The Indented Kraft paper rolls give great cushioning to your products. You can conveniently use them as a substitute for bubble wrap and protect your products from any damage during their transport.

Also, the indented Kraft paper is made purely from post-consumer and post-industrial content. It is recyclable and is naturally biodegradable. Moreover, the weight of the paper is fine and thick. It is durable and the indentations make the paper flexible through moulding it around the product smoothly.

Drawbacks of Not Recycling Bubble Wrap

1. Bubble Wrap is Toxic

Bubble wrap seems a fun packaging material and as a stress reliever, is soothing for many people. But, the truth is that bubble wrap is toxic for the environment. This is because bubble wrap was made with a plastic polymer until 2008, which is very toxic to the environment.

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Because it is a cheap packaging material which is readily available, many businesses still prefer to use it.

However, there are eco-friendly options available now which the businesses should consider. For example, Kudos is a brand that has invested in an eco-friendly Hexcel Wrap system. In this system, recycled paper is used for sustainable cushioning and it biodegrades easily too.

2. Clogged Landfills

Clogged and over flowing landfills are also a result of bubble wrap yard waste. Mainly, bubblewrap takes a lot of room in a landfill. Moreover, it takes hundreds of years for bubble wrap to degrade. Landfills need to have a good amount of bacteria and fungi in order to break down the bubble wrap sheets completely.

If we try to become more eco-friendly and sustainable through using organic cushioning for packaging, we could play a little part in protecting our environment. The organic cushioning would eventually end up in landfill too, but it will not create any barrier. Instead, it will speed up the process!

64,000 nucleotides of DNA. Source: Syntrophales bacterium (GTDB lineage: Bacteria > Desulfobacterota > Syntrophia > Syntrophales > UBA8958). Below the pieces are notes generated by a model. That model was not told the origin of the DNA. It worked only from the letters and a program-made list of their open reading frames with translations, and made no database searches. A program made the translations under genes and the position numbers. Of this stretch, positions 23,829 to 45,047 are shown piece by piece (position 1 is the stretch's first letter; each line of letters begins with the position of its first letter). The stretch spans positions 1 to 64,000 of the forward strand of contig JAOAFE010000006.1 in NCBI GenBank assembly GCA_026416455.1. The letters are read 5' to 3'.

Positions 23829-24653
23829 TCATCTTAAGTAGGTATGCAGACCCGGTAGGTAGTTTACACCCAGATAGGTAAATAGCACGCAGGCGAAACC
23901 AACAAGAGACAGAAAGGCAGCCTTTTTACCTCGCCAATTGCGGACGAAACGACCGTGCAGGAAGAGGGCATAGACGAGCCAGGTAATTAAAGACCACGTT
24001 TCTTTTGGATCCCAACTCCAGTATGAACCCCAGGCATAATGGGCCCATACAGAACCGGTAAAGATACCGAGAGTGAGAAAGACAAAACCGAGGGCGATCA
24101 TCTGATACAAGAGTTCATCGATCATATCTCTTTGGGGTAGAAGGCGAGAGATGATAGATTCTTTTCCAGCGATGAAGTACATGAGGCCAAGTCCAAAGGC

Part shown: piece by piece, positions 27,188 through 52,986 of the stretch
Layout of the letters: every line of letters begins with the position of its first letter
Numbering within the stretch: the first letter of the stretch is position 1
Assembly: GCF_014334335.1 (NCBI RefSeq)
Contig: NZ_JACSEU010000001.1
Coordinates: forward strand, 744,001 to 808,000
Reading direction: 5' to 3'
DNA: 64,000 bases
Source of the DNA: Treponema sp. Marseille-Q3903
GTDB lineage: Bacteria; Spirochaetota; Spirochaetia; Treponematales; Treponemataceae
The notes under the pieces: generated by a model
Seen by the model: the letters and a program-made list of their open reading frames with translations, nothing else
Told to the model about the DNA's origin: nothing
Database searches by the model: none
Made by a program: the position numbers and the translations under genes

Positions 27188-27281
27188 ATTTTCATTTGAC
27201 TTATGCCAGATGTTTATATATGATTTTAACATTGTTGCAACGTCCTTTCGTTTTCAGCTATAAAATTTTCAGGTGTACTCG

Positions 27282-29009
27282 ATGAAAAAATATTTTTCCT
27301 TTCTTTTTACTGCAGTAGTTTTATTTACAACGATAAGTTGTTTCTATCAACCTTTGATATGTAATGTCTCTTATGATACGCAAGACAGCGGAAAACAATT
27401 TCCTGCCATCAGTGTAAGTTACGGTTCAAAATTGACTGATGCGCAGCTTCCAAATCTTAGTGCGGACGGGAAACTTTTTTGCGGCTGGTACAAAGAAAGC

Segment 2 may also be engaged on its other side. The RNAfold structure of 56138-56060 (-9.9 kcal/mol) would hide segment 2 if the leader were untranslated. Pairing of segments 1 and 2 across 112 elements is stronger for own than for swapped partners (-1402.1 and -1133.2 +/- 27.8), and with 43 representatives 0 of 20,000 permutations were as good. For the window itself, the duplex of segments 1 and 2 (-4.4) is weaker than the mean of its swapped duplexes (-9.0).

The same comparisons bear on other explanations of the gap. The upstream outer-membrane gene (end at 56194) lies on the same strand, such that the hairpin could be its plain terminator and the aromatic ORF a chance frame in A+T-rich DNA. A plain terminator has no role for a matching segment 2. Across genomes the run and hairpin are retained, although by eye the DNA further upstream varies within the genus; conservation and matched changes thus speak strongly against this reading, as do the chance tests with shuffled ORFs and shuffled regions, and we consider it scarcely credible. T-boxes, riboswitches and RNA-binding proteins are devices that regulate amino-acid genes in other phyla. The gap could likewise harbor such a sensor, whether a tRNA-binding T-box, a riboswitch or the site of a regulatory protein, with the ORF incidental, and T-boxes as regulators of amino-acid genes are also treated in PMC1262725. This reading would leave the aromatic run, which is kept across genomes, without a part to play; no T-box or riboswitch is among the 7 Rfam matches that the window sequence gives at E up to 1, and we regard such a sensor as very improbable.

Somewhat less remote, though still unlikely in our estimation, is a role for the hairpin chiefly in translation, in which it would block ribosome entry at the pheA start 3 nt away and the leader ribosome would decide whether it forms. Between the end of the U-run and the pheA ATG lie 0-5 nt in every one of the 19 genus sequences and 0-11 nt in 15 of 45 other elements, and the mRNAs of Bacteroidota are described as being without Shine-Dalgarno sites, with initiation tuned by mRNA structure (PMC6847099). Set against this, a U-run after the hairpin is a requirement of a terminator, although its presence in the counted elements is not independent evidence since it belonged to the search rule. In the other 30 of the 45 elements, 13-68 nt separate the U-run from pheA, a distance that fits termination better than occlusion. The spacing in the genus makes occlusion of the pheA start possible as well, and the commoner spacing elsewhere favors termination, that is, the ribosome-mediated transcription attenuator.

3. Storage Issues

One of the biggest problems of bubble wrap is its storage. Neither is it practical nor ecological. This is because most of the content of a bubble wrap is air and businesses pay a huge sum of money in order to fill the packaging shelves with this air.

This is not good for the environment as it causes increase in emissions as the transportation cost is added to it. The emissions cause an increase in the carbon footprint.

The more environmental friendly options are lightweight and are easy to store. Such as the Hexcel cushioning which is a flat sheet that pops open in a comfortable wrap when required.

4. Hazardous Material

The flammable temperature of the bubble wrap polymer is around 500 degrees celsius, which is a very safe level. But, because there are hundreds of bubbles present there which contain pressurized oxygen, there is risk of a disaster. And if the fire occurs, bubble wrap will accelerate it through adding bursts of oxygen to fuel the inferno.

Furthermore, trapped oxygen is potentially very hazardous. When we know something is risky and hazardous, we should try to avoid it.